Yes, that’s right, there is a collaboration happening between the Project Management Institute and the Agile Alliance. This is actually really happening, it’s exciting. A cross-functional team, from these two organizations, has come together to build an Agile Practice Guide for publication in mid 2017, and I happen to be a lucky participant on this team.
Not only that, but this new guide is going to be aligned with the next edition of the Project Management Body of Knowledge (PMBOK Guide®) which will also contain, for the first time ever, formal Agile content.
This is a big deal, a really important conversation happening between these two organizations, who are coming together when they’ve traditionally been viewed as philosophically opposed to each other about, with clichés like:
“Well, project managers are all about one person telling everybody what to do.”
“Agile is all about letting team members they can do whatever they want.”
That’s not the point. The point is that we have some common convictions and common needs.
Common Need for Clarity
In particular, the first need that we’re discovering across both communities is the need for clarity. What is this Agile business all about? What are all these buzz words, like “Scrum”, “SAFe”, and “XP”? What does it mean? In fact, what does it even mean to be agile? Because if you ask 10 people what that means you’re going to get 50 different answers. There’s a common need in both communities to understand really what’s the bottom line? What’s the point? And also what does project management really mean? What’s the bottom line for that?
Common Need for Expansion
The other common conviction is the intent to expand the span of what Agile is about. Traditionally, Agile has been about software and the Agile Alliance has really succeeded in expanding the range of Agile methods in that industry. Arguably, Agile now is used on most projects most of the time in the software space. But what would it take to expand that to other industries like marketing or education or infrastructure? Likewise, what would it take to expand the range of Agile methods beyond just a single team, to where we’re talking about the program level or the organization level, which tend to be things which project managers focus on. These two communities are coming together to really talk about this and provide practical actionable stuff around those topics.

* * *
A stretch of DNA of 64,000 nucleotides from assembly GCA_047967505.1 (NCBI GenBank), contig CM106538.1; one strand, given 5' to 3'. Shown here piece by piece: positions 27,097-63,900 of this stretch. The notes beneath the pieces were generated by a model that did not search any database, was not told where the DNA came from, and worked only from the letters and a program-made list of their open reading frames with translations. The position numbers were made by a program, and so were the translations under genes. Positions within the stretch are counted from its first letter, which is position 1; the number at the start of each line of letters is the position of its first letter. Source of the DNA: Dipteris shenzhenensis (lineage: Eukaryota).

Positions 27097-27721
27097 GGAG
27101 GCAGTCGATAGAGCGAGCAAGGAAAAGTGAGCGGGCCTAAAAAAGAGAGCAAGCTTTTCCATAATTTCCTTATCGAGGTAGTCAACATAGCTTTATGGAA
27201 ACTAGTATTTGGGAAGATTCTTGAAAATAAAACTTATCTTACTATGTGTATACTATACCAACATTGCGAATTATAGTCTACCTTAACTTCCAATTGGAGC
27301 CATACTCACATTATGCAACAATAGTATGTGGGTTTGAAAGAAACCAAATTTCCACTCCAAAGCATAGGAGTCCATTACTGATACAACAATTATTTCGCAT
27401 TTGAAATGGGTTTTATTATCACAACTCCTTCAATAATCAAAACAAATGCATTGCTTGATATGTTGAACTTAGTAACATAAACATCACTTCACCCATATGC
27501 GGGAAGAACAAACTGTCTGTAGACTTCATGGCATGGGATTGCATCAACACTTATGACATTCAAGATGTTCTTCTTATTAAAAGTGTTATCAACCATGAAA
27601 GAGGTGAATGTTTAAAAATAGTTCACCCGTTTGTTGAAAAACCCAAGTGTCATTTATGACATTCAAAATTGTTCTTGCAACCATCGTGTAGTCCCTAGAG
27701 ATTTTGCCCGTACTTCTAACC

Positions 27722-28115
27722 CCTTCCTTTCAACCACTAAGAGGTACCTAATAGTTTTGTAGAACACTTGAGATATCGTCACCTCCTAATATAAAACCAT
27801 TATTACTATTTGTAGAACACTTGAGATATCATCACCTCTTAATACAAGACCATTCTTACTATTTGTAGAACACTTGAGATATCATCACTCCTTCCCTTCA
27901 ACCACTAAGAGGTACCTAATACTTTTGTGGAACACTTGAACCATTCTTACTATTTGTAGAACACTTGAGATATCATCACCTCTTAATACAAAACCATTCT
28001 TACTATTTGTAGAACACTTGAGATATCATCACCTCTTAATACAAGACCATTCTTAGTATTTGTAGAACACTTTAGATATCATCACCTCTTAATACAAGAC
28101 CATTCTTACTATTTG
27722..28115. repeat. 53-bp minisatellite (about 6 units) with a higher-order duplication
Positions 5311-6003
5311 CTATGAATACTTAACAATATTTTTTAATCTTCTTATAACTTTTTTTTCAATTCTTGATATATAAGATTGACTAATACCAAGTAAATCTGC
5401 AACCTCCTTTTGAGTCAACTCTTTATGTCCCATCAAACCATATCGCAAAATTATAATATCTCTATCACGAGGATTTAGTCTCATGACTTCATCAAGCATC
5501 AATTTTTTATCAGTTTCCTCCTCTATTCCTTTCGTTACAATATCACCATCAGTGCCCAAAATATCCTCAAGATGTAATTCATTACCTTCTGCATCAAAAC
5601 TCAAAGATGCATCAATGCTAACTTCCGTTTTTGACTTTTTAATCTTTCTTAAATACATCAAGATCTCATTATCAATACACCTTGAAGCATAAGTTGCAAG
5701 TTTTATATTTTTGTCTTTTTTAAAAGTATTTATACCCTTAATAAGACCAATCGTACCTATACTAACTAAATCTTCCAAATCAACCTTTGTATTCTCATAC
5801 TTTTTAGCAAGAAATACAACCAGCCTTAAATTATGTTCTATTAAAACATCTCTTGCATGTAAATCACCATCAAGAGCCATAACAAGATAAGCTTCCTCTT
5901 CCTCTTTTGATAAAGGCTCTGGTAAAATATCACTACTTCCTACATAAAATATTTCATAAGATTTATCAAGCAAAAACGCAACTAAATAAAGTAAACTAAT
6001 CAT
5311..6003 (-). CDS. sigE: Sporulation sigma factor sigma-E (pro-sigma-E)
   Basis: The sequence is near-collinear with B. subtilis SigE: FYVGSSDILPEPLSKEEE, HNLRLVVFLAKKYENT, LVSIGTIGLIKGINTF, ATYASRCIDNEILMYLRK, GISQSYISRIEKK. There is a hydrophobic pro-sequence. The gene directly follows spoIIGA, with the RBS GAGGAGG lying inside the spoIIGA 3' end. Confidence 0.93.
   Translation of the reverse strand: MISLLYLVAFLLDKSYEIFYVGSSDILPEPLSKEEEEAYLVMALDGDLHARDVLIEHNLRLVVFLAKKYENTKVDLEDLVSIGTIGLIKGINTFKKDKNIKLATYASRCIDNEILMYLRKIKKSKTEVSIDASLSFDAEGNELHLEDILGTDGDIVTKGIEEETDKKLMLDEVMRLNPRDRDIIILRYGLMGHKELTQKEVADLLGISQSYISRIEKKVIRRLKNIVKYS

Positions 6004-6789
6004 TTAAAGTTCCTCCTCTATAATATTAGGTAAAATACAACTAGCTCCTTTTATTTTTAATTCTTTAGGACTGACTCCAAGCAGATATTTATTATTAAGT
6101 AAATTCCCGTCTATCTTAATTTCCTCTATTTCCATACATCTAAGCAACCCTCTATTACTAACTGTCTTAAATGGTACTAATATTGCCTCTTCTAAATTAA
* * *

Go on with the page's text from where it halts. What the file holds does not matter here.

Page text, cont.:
Most importantly, what’s exciting about in our work together is mission. I just came back from a team meeting over in Philadelphia, and what we came to see is that we have some common convictions around the mission. The mission of these two organizations is really similar. It’s about improving work. The stated mission of the Project Management Institute is to advocate for the profession of project management as a discipline. That’s really just about making sure projects are successful, and there’s a lot of techniques you could use to make that happen. The Agile Alliance’s mission is about the same thing, helping projects be more successful and helping people thrive in those projects.
It’s really exciting to see the two different members of the community come together in a small cross functional team of about seven, eight people with some support staff around us, to put together an Agile Practice Guide coming out in mid 2017 in conjunction with The Project Management Body Of Knowledge.
This is big news, guys. I’m excited about it. Already the project is underway and we’re having a lot of bridge-building conversations like:
“Yeah, we’re going to work together. I can’t believe it.”
“Oh, you’re actually not that bad.”
“Oh, you know what, you, uh, you’re pretty good too. Yeah.”
Hopefully you’re excited about that too.